A new type of fuel cell could help make hydrogen fuel more commercially viable in the future.
A new fuel cell technology could help speed up the commercial-scale adoption of fuel cells. The technology, a new type of polymer electrolyte fuel cell, is capable of operating at a high temperature without requiring water.
A University of Arizona professor is working to commercialize and patent the technology.
University of Arizona (UA) associate engineering professor Dominic Gervasio is working in collaboration with Tech Launch Arizona, the UA’s technology commercialization arm, to commercialize this new type of polymer electrolyte fuel cell.
While the new fuel cell technology could be used in automobiles or for remote or emergency power generation, one industry most likely to benefit from the technology is the aircraft industry.
The reason, according to Gervasio, is that limiting size and weight is vital for aircrafts. These fuel cells could help to improve the efficiency of aircrafts. Moreover, Gervasio’s fuel cell design could be developed into auxiliary power units for aircrafts, according to Tech Launch Arizona licensing manager for the UA College of Engineering and a former aerospace engineer, Bob Sleeper.
Gervasio’s new fuel cell technology makes it possible to develop smaller and lighter fuel cells.
“This fuel cell neither needs water nor is harmed by water,” Gervasio said, reported Tuscon.com.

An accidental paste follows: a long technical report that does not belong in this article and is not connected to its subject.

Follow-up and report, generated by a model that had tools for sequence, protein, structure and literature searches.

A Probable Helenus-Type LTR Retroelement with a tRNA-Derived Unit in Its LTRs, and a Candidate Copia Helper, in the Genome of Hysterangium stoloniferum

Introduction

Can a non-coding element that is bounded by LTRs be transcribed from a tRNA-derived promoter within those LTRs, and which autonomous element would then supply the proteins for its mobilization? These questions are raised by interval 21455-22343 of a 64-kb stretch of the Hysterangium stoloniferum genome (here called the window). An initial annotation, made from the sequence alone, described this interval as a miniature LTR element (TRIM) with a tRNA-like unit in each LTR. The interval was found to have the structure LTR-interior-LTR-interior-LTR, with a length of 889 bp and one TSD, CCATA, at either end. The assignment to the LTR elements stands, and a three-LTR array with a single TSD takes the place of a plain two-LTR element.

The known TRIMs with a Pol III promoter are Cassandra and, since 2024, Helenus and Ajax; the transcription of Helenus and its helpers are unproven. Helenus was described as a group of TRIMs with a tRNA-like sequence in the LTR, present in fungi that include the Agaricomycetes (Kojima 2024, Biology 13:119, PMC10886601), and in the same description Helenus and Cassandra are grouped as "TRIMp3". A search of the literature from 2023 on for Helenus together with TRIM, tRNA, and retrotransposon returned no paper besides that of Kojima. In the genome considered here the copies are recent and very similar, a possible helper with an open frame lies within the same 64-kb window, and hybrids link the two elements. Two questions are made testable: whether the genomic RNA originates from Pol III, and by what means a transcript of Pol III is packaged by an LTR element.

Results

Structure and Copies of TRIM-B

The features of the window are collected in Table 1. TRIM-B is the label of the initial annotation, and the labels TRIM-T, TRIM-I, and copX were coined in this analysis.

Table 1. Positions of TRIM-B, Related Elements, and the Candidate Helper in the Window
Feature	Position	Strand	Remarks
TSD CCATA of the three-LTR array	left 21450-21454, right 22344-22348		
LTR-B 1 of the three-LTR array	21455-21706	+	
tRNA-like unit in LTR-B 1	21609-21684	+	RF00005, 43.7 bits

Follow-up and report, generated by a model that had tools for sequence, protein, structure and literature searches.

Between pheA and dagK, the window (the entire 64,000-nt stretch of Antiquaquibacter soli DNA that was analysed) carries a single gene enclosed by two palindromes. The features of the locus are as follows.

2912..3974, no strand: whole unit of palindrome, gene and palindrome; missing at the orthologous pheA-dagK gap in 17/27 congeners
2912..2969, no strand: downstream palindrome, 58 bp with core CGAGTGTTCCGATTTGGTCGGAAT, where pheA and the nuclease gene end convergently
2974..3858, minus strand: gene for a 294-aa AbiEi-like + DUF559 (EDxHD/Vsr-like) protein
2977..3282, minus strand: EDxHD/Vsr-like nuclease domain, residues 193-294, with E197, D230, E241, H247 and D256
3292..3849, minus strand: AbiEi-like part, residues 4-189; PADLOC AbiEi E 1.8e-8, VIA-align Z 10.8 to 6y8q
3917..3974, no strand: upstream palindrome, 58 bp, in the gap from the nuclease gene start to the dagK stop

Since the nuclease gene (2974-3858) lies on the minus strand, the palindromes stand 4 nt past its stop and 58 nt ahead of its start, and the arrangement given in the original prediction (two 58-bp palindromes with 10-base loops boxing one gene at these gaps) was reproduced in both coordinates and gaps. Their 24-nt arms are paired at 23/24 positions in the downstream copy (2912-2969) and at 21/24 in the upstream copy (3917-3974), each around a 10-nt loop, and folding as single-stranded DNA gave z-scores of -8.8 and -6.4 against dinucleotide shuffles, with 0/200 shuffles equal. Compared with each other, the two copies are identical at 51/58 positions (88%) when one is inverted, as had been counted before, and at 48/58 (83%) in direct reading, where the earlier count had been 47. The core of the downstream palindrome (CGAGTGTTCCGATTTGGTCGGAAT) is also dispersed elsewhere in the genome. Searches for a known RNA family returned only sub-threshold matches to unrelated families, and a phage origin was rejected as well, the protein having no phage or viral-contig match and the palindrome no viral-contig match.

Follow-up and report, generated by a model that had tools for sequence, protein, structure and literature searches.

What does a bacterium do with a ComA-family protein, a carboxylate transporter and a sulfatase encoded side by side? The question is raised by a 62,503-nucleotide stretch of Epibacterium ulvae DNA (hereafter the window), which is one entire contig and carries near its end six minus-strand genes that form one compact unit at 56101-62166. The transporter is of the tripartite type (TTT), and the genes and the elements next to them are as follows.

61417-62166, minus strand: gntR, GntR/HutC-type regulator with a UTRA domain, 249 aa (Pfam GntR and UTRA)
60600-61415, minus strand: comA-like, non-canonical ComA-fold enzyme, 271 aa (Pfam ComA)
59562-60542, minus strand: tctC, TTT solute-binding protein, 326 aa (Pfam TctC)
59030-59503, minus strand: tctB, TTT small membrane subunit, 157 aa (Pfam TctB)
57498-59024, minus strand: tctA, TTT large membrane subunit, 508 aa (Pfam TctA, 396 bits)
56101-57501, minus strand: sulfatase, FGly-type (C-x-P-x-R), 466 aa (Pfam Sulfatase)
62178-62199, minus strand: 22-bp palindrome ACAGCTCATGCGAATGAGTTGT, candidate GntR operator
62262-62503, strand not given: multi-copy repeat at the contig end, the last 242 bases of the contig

The UA professor also noted that the majority of fuel cell designs that do not use water are also harmed by the presence of water.
His waterless fuel cell design makes the cells resistant to the effects of unwanted moisture. This also means that the cells can be made smaller and lighter than traditional cells. Moreover, the fuel cell is reportedly able to efficiently operate at very high temperatures (in the 400 degrees Fahrenheit range), which means cooling components can also be made smaller.
Gervasio said his fuel cell design could be adapted to a source of pure hydrogen or even be adapted to derive hydrogen from jet fuel. This adaptability could eliminate the requirement for hydrogen tanks or separate fuel needed for hydrogen production.
So far, hydrogen fuel has seen limited commercial use due to the current high costs and technical issues of producing and utilizing the fuel. This new fuel cell technology could help facilitate the wide adoption of hydrogen fuel cells in a variety of applications, including cars and aircrafts.